Buying a typical rifle or shotgun requires a license granted by the government only to those who have gone through a number of steps, including passing the firearms safety course’s written and practical exams, clearing background and reference checks, and approval by the Chief Firearms Officer.

Mental health, job losses, divorces and bankruptcies are all factored into applications.

Owning a handgun, or other firearms classified as restricted (such as AR-15 models), requires a harder-to-get license that invites even more scrutiny and oversight from the government, including an assessment of why you want handguns. Generally, collecting and sport shooting are the only valid reasons.

As a collector, you can’t take your guns anywhere. As a sport shooter, your license can be revoked if you aren’t’ a member of a certified gun range.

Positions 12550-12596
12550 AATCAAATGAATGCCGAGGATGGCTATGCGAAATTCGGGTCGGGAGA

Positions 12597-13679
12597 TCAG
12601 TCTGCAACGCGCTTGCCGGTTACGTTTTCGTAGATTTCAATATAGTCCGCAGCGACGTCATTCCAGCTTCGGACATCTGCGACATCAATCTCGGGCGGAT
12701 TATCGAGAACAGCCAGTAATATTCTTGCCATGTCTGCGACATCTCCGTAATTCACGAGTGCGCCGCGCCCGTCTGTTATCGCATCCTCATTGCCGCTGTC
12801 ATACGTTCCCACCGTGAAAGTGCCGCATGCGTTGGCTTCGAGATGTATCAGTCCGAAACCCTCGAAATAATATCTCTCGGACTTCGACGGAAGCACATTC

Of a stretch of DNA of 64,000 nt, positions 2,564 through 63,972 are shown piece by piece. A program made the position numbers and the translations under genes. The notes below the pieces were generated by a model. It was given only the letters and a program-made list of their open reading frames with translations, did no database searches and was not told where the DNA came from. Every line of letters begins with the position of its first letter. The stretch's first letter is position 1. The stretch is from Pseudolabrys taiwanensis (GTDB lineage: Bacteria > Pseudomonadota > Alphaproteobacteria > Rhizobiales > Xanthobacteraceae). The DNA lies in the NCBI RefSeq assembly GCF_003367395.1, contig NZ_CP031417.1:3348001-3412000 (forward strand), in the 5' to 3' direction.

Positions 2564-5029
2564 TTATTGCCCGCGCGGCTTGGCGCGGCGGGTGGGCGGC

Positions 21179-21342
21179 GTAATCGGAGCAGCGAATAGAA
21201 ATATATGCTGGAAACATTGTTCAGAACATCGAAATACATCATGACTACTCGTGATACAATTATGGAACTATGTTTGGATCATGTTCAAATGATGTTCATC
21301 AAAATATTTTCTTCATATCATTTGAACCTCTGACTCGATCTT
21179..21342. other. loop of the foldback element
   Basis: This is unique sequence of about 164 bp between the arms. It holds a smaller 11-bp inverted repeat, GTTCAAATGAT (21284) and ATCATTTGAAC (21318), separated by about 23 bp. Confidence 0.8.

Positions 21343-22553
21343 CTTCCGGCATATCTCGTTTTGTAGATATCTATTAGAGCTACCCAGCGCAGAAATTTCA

Police run daily background checks on licensed owners, and can perform warrantless home inspections to ensure storage regulations are being followed.

You won’t find a loaded gun in the nightstands or glove compartments of Canada’s law-abiding gun owners.

At home, handguns must be locked, unloaded and secured separately from ammunition. When in transit, you must take the most direct route from home to the range or gunsmith or back. Even innocent slip-ups can mean criminal charges.

The only ones impacted by a handgun ban are those like me who work hard to stay within the laws—not the people who are actually committing crimes with guns.

American gun owners are likely in shock by this. Despite my frustration with several of the restrictions that don’t enhance public safety, I concede that the system is effective in weeding out those who pose a risk to themselves or others.

But as the Toronto shooting shows, this won’t stop someone hellbent on committing an act of violence from getting their hands on a weapon.

The calls to ban handguns ignore the lack of correlation between lawful gun ownership and gun crime.

Between 2004 and 2015, the number of legally owned restricted guns doubled, yet firearm-related homicides remained fairly constant—and even dropped, some years—in the same timeframe.